Sit right back and I’ll tell a tale—a tale of a fateful e-book.
Back in 1998, I was attending college at Southwest Missouri State University for the second time. (It’s since dropped the “Southwest,” leaving me constantly unsure whether to use the old or new name on job applications.) I was intrigued by the promise afforded by the new Palm PDAs and decided to buy one—a Palm IIIe. (And then a Visor Deluxe, but that came later.)
But after I’d ordered the PDA, and while I was still waiting for it to arrive, I noticed one of my all-time favorite e-books was available on Peanut Press—Vernor Vinge’s classic novel of a far-future Usenet-analog, A Fire Upon the Deep. I’d read the book in dead-tree format and loved it, and here it was electronically for just a few bucks. So I grabbed it before I even had anything to read it on yet, just so I would have a book to read when the Palm at last arrived.
. . . .
Fast-forward 14 years, to 2012. Barnes & Noble had bought eReader and Fictionwise, and was now shutting them down in the wake of agency pricing killing their business. It offered to transfer what titles it could from customers’ libraries to Barnes & Noble’s Nook library, but warned that “A few Fictionwise titles may not transfer due to discontinued publishing programs” and recommended customers download those and save them and a copy of the current eReader app for reading them in the future.
. . . .
Over the last couple of years, ever since B&N made it more difficult to access titles I bought there, I’ve stopped buying e-books from Barnes & Noble altogether. I haven’t even looked at my Nook bookshelf in ages.
. . . .
But imagine my surprise when I found that, rather than the original version, I had the BookRags A Fire Upon the Deep study guide in my library—an off-brand Cliff’s Notes on the book—instead. I never bought said study guide, because I don’t buystudy guides. Apparently somewhere along the way Barnes & Noble got confused over titles and substituted it. The original book itself was nowhere to be found.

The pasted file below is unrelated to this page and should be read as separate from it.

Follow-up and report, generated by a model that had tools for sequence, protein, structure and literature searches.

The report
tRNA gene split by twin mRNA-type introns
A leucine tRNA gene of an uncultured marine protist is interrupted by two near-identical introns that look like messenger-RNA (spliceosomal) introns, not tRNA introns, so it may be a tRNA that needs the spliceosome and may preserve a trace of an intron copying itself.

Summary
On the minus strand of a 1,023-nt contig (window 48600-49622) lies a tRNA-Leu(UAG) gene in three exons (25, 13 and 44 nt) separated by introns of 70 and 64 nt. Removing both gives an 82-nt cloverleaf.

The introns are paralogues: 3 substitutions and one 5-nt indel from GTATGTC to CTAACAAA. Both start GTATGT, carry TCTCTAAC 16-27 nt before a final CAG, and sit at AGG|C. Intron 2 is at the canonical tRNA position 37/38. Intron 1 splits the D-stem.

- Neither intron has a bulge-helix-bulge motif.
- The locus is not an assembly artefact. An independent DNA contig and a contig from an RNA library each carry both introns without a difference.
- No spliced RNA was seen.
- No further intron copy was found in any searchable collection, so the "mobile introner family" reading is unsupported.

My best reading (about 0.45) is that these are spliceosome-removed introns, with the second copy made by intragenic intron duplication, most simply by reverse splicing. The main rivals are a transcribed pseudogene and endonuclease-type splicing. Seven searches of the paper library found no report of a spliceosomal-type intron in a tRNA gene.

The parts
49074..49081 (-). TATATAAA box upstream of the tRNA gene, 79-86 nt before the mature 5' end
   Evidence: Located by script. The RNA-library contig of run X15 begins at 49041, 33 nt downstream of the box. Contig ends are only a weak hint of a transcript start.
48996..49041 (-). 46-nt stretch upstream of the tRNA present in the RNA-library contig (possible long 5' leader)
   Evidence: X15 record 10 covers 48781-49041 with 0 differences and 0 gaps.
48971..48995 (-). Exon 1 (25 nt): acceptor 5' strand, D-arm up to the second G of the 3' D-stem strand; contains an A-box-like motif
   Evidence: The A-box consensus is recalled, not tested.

I wasn’t too concerned—I still have both editions safely in my Calibre library on Dropbox—but I was bemused. I decided to contact Barnes & Noble chat support and see what they could do for me. After I explained the problem, the representative told me that I could go ahead and purchase A Fire Upon the Deep if I wanted, and offered to give me the link.
. . . .
It wasn’t on my account, therefore, I must not have purchased it. When I explained I had originally bought it from Peanut Press in 1998, he nonetheless asked me for an order number, and when I couldn’t provide one (honestly, I don’t even have my email from that far back!) suggested I should call their 800 number and inquire about it in person.
. . . .
Amazon appears to be in no immediate danger of collapse, while Barnes & Noble has been decidedly shaky for a while. I feel for all the UK customers who didn’t want to support Amazon for one reason or another and settled on Barnes & Noble’s Nook as a reasonable alternative—if they’d gone with a Kindle instead, they’d still have their e-books now, without the hassle of moving titles over and the uncertainty of being able to use their devices in the future.
As I said before, Barnes & Noble effectively trashed at least $200 worth of e-books from my Fictionwise and eReader libraries when it moved them over. Now I’ve found that, adding insult to injury, Barnes & Noble has also trashed—or outright stolen—the first e-book I ever bought.